Simon Crosby, CTO, XenSource
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Though virtualization has long been the playing field of players like IBM and VMWare. The open source Xen project is trying to open up the playing field by providing a freely available virtualization hypervisor.
Separate from the Xen project itself, but inexorably linked is XenSource, which is the lead commercial sponsor of the Xen project. XenSource also produces a commercial management product for Xen called XenOptimizer which was recently released alongside the new Xen 3.0 release.
Has the lack of virtualization in the past hurt Linux?
IBM has been in the virtualization game since day one and they have very good hypervisors on P-series, for example. But I don't hear that Linux has been held back due to a lack of virtualization. People want virtualization now -- they just don't want to pay a vast amount of money for it and they don't want to buy into yet another proprietary feature set.
What about the inclusion of Xen in the Linux kernel? Is that something that is very important and when would you expect that to occur?
It's very important and we are working very hard with Red Hat and the OSDL on making that happen. There is a sequence of things that has to happen to make that work. We had to get Xen 3.0 done, which is the case now with APIs that we stick to it that are backwards compatible going forwards. Those patches then need to be upstreamed to kernel.org, and we have weekly calls with the key upstreaming folks. Everybody is really committed to it because everybody wants a common Xen platform.
As the CTO of a company that gets its software from an open development process, what is your biggest challenge? Who drives technological direction - the community or the company?
Ian Pratt, who is our technical founder, is the Xen project leader. He works in an open way with the community. He leads the open source development team and he has a group of sub-architecture maintainers from various other organizations. He drives that process completely independent of us.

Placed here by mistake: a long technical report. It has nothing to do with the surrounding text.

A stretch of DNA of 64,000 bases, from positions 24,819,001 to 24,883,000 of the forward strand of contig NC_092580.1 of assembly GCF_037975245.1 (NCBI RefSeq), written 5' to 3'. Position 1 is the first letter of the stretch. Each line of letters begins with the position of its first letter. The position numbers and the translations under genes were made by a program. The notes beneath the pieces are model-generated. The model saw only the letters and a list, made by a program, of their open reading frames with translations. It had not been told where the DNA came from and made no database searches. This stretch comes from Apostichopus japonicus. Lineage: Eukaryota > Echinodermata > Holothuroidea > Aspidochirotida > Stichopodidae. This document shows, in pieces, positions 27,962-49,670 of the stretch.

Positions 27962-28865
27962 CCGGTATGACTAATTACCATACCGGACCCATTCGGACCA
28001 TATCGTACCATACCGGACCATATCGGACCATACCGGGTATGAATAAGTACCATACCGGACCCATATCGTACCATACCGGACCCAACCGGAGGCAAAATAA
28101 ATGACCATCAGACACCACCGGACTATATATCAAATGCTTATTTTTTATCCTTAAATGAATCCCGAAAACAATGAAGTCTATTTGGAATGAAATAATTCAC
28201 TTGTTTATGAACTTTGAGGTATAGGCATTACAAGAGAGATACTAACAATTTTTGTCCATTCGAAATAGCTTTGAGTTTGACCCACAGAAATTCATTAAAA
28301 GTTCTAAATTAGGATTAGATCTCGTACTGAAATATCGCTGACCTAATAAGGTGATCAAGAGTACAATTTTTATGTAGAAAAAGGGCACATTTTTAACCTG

I'm the CTO for XenSource, the company, and we have to make it very clear that XenSource is an equal competitor to others in the Xen market. We build products and solutions and sell solutions to enterprises.
Are you concerned about the open source community developing a free/open source alternative to your commercial XenOptimizer product that will work with freely available Xen?
I think that there is going to be a bunch of management products for Xen. One of the things we acknowledged specifically going into this business is that it is a business model based on plenty. It's a scary one but it's a huge market.
So here's the bet. The bet is that if there is a single code base called Xen that everybody adopts and everybody commits too, and if we work with people in an open, collaborative way, everybody will do that because it is in the common interest to have an open, standard hypervisor.
Then people will make investments and create a market. We will be equal among several competitors in that market. Where we do that we have to explicitly acknowledge our conflict, which is that we are interested in management solutions for Xen. For those, we work with our partners in a standards body other than open source.
Can you be open and actually still make money?
Yes. There are numerous very compelling examples of that and, by the way, we are not totally open. The Xen Optimizer is not an open source product and we think we have some proprietary goodness in there that is unique to us. The fundamental philosophy of XenSource is that the market is better for us and everybody else if there is a common, shared hypervisor.
We create this huge market based on the fact that virtualization is pervasive. When virtualization of a standard common hypervisor is pervasive than there is an enormous opportunity to sell value-added product. Essentially by making the hypervisor free, you make the market.